or, stuff that I dragged out of my head

Location: Moncton, New Brunswick, Canada

Monday, May 23, 2005


I love the English language's omnivorous taste for other tongues' words. If we don't have a word for "the mutual relaxation of political tension towards another nation" and such a word presents itself from French as "détente" at a time when we might find such a word useful, then we snap it up. Perhaps, as in the case of that word and others such as "Gesundheit", we keep its pronunciation (and even sometimes any accent marks, as in "passé"); perhaps we alter it to conform to a likely English pronunciation, as was generally done with "apartheid" (often heard as "uh-PAR-thide", correctly pronounced "uh-PART-hate"). But whatever we do with the words once their in our sweaty grasp, we unquestioningly make them our own. What's particularly fascinating is that sometimes cross-pollination occurs: one language borrows a word from another language which, finding it useful in turn, borrows it right back.

An old French phrasal verb, "conter fleurette", meant "to whisper sweet nothings to" or "to attempt to seduce". This is a marvellous thing to have a word for, and so we snapped it up and transformed it into the verb "flirt". The French phrase gradually vanished from the language, but later they decided they might have a use for it after all, and so they simply took it right back from us in the form of the verb "flirter", using a standard French suffix, and also the noun form "un flirt", meaning "flirtation". (Then Italian borrowed those words from French, changing only the verb's suffix from "-er" to "-are".) I would like to note that the OED makes no mention of this etymology and www.answers.com merely says "Origin unknown", so there's a chance that it's a folk etymology; but I would also like to note that my French teacher confirmed the story a couple of months ago, so if it's untrue, it's untrue in both languages.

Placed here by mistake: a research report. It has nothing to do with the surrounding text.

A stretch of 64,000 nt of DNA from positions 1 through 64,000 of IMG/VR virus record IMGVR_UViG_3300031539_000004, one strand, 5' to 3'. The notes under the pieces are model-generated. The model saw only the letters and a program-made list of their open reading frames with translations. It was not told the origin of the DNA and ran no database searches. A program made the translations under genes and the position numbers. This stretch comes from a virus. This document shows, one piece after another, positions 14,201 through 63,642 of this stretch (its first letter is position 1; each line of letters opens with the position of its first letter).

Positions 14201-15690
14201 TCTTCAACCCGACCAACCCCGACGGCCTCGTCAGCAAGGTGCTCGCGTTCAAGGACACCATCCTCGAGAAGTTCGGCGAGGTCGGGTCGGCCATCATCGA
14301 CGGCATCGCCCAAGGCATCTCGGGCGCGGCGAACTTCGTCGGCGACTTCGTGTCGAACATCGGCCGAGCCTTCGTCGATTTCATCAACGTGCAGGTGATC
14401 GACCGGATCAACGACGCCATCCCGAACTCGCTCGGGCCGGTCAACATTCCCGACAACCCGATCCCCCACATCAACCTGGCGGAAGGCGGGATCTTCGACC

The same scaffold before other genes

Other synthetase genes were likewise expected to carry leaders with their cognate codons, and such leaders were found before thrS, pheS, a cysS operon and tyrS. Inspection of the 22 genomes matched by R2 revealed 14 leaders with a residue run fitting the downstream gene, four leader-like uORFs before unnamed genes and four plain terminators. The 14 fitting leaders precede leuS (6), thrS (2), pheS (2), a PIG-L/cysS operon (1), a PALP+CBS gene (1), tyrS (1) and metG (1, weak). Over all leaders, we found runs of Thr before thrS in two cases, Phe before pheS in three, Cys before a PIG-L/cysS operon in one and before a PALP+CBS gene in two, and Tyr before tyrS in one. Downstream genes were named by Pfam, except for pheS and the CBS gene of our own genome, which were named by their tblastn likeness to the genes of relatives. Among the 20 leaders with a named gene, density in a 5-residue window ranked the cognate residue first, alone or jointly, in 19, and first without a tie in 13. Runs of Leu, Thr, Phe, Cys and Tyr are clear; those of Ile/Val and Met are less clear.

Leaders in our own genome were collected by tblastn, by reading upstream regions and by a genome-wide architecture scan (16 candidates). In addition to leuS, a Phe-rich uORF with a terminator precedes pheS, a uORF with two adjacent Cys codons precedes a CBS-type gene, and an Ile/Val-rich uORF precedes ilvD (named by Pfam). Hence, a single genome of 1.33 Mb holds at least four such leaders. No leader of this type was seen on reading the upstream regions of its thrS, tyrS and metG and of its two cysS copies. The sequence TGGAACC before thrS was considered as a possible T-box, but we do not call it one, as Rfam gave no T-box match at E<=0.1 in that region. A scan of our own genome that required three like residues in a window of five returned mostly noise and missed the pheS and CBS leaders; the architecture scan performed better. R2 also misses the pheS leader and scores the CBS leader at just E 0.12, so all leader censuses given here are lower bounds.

French also gave us the name of the game "tennis", through Middle English "tenyes" from the original French "tenez". (That word comes from the Latin "tenere", "to hold", frequently heard in English in such words as "tenacious" and "maintain".) Rather than try to translate the name of the game, the French simply took it back from us, and "le tennis" it is where French is spoken.

The common Japanese word "karaoke" means, as is relatively well known, "empty orchestra". What is less well-known is that the "-oke" half of the word is an abbreviated form of "okesutora", the Japanese phonetic rendering of the word "orchestra"; once they were done playing with it, we took it back, mysteriously transformed and newly useful.


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